Access at the Outset

My last few days of calm are dwindling: the summer semester begins next Tuesday. I’ve finished my syllabus and course schedule, plugged in all the links and files on Blackboard, and gathered up the necessary textbooks. I’m putting the finishing touches on my Welcome Letter, a document I email to my students a few days before the course begins.

The Welcome Letter (WL) is a trick I snagged from the realm of online teaching. Many online instructors send out their version of this document to introduce students to the course, tell them where to find readings and assignment prompts, and explain how the course will proceed. Because I will give a face-to-face course introduction on Tuesday, I don’t clutter the WL with info about the course specifics. I just explain how to navigate our Blackboard page, give my contact info, and offer a few tips for getting started with the course readings.

But just before my cheerful signature (“Cordially, Professor Michael”), I’ve added a final clause: Access Needs.

Any students with disabilities are free to contact me with access needs. On the first day of class, we will be dealing with printed handouts and video lectures. If you require large print or other accommodations, just send me an email explaining your needs.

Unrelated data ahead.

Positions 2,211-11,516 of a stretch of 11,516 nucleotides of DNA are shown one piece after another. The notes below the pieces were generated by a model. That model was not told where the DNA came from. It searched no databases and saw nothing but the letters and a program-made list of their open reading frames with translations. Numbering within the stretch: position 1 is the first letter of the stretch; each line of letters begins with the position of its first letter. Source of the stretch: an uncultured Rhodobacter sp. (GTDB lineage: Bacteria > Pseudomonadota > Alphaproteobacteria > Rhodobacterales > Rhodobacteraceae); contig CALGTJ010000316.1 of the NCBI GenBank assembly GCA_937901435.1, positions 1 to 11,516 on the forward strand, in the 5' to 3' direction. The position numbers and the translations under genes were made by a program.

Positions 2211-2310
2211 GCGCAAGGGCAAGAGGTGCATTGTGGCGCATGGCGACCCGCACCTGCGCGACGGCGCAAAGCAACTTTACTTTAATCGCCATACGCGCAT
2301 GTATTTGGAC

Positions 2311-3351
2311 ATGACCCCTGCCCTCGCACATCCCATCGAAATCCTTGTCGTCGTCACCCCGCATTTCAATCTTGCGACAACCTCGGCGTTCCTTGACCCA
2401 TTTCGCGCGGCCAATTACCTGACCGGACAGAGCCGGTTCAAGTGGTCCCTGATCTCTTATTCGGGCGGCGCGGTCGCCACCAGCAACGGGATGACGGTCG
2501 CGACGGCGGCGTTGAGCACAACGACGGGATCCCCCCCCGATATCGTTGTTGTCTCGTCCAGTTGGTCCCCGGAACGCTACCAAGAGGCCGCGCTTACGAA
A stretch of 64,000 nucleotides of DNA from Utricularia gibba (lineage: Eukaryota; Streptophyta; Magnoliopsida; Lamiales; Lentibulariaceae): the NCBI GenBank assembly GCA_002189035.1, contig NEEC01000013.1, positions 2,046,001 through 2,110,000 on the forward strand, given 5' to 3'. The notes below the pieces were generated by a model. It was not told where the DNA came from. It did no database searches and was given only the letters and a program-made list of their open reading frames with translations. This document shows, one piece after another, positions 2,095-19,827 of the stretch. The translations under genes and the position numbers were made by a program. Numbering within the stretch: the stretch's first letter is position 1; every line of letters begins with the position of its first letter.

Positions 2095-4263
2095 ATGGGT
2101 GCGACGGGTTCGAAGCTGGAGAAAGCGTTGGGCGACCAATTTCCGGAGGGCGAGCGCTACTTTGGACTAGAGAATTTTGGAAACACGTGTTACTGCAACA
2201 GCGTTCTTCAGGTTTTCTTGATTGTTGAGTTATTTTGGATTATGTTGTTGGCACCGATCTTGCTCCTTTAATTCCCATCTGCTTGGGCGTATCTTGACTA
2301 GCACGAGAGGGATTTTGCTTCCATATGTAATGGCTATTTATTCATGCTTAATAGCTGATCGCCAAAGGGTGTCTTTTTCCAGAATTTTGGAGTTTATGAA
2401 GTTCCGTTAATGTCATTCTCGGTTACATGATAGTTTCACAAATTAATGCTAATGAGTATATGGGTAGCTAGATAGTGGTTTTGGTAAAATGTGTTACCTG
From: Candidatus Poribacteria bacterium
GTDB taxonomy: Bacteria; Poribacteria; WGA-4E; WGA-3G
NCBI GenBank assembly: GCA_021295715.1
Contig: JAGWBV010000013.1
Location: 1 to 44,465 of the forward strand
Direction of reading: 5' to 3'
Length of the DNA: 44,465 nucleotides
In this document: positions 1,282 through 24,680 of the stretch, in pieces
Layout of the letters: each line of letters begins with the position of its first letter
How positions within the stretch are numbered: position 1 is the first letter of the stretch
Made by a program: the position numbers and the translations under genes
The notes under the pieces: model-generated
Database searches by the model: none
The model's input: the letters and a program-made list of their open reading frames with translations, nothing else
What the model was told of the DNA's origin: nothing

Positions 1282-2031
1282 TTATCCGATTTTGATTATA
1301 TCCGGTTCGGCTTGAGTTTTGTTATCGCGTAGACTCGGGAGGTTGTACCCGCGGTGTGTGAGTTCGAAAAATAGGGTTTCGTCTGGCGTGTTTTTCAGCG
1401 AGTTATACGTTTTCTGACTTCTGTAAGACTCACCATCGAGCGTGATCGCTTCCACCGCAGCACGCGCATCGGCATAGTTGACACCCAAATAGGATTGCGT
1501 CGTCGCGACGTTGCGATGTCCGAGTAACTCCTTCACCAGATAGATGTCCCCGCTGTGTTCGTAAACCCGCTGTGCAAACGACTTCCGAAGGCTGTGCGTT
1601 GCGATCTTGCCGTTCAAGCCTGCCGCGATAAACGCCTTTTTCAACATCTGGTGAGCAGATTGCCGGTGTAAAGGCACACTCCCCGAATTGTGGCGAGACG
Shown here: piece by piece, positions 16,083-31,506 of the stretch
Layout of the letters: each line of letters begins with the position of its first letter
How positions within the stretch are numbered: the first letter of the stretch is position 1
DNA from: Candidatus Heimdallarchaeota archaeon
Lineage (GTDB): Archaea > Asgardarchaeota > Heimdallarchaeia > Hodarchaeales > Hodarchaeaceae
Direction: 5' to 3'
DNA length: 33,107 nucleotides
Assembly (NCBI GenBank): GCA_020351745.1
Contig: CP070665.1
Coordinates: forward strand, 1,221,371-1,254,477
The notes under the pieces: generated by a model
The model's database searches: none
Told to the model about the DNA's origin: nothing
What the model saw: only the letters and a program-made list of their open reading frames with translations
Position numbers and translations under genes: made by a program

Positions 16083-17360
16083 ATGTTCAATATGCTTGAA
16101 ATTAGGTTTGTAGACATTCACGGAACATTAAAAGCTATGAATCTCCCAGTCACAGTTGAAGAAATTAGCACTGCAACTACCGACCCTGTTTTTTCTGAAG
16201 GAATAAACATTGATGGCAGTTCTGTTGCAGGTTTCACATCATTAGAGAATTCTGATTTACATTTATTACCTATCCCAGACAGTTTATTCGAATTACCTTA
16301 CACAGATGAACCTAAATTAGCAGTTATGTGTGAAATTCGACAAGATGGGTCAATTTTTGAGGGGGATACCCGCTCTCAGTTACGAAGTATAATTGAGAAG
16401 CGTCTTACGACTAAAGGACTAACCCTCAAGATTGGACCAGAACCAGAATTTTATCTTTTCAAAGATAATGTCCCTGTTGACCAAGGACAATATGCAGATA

Why did I include this statement in my letter? How likely am I to have a disabled student in my class? Well, based on my own experience, not very likely. I’ve been teaching for four years, and I’ve never had a blind or Deaf student, never had a wheelchair user. I’ve had a handful of students with learning disabilities, but no one has ever asked for large print or other alternate formats.

The statement exists on my WL for a few reasons. I’ve yet to have my First Blind Student, but I was a first for almost every instructor I had. And I remember the reactions: good, bad, awkward, ecstatic, nervous. I want to make sure that disabled students feel acknowledged by my WL. Explicit acknowledgement is so much more powerful than implied acknowledgement.